Weekend Links: November 21. 2015

Let’s start the weekend with a piece of great, though not exclusively SFF-related advice from Terrible Minds: Google before you share stuff.

We’re moving into the season of “Year’s Best” lists, and while I haven’t gotten mine quite together yet (trying to read a few more things in the next couple of weeks) they’re starting to trickle out, reminding me of how much I still want to read in the next month or so.

  • The Barnes & Noble Sci-fi and Fantasy Blog has got 25 of the Best SFF Books of 2015, which I’ve only read a dozen of.
  • The SFWA just released their Nebula reading list, of which I haven’t counted how many I’ve read, but it’s a small enough percentage to make me feel like I’ve missed out on almost everything this year.

So, it turns out that an actual white nationalist organization is creating their own H.P. Lovecraft award.

If that’s not enough to make you feel happier about the replacement of Lovecraft as the face of the World Fantasy Awards, there’s a sensible reminder at the Atlantic that this turn of events won’t destroy Lovecraft’s legacy. I suspect, though, that literal white nationalists using Lovecraft’s likeness for their own ends will do much more to damage the man’s image than anything else.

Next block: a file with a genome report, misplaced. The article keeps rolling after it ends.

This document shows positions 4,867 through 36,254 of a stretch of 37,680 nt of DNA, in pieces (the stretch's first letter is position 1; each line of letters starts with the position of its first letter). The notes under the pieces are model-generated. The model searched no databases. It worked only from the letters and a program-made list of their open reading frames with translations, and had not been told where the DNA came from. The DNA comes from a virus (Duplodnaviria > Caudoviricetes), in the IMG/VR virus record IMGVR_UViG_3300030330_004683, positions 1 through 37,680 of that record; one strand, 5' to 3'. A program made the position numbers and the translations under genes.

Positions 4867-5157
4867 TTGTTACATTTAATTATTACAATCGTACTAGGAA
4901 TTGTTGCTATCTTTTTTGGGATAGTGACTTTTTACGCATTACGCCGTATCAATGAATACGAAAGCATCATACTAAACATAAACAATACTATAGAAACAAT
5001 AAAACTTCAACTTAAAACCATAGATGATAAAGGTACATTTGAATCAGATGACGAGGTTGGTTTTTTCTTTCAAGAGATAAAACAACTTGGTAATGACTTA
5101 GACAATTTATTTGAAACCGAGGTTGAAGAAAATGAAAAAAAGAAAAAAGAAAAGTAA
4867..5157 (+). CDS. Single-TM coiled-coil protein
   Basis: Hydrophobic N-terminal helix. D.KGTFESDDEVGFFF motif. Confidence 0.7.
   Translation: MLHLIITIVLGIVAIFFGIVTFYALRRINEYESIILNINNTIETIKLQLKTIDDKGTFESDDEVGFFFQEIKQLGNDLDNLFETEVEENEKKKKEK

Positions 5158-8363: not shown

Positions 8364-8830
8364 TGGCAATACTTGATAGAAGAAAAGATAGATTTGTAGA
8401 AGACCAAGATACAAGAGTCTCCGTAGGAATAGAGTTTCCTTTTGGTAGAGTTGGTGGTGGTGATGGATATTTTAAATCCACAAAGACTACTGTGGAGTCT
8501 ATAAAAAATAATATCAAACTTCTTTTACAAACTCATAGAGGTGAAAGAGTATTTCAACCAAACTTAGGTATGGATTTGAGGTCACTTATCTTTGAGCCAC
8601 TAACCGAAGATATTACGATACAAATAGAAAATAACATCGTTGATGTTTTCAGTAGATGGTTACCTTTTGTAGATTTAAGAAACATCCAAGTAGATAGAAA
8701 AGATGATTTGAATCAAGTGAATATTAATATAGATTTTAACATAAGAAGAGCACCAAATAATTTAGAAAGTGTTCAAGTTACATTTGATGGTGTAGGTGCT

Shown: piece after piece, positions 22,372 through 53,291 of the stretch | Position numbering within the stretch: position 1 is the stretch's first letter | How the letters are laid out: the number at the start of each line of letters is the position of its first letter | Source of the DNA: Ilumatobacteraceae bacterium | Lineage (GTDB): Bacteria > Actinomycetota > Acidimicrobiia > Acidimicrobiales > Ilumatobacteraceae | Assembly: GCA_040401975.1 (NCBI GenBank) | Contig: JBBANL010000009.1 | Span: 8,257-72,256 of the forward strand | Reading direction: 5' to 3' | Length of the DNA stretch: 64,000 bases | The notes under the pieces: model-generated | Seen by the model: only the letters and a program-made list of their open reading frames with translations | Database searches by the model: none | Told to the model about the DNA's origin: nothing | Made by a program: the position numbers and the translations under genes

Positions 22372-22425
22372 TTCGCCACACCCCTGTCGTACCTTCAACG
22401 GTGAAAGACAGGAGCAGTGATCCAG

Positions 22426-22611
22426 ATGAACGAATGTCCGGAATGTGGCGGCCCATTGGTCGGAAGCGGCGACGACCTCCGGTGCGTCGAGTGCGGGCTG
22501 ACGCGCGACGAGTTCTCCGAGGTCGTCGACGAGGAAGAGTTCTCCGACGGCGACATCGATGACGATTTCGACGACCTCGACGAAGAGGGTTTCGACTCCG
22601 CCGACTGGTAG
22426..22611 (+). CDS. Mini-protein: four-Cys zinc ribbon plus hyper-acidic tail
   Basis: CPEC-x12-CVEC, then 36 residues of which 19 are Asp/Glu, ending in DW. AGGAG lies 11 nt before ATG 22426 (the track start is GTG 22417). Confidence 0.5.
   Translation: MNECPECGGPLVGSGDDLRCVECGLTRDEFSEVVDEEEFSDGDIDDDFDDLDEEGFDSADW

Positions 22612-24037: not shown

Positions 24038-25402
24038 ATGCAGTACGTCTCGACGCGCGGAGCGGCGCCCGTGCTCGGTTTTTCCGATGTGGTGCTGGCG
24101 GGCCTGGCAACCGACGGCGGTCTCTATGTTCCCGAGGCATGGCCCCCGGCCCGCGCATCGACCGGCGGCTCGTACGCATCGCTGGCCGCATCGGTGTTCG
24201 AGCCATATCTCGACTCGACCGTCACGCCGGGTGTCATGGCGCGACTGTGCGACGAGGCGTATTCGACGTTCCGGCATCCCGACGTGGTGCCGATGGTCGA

In interesting news, it looks like Kurt Vonnegut’s Cat’s Cradle may be getting a television adaptation.

Inverse breaks down some of the interesting recent changes at SyFy with a look at what’s coming up from the network over the next few months.

Microsoft has released their (FREE) Future Visions story collection, with work from Elizabeth Bear, Greg Bear, David Brin, Nancy Kress, Ann Leckie, Jack McDevitt, Seanan McGuire, and Robert J. Sawyer.

At Futurity, an exploration of why sci-fi is so obsessed with Mars.

At Slate, there’s a great piece on pulp science fiction’s legacy to women in science.

And at C-Net, a look at why Carrie Fisher looks so right in the new Star Wars movie.


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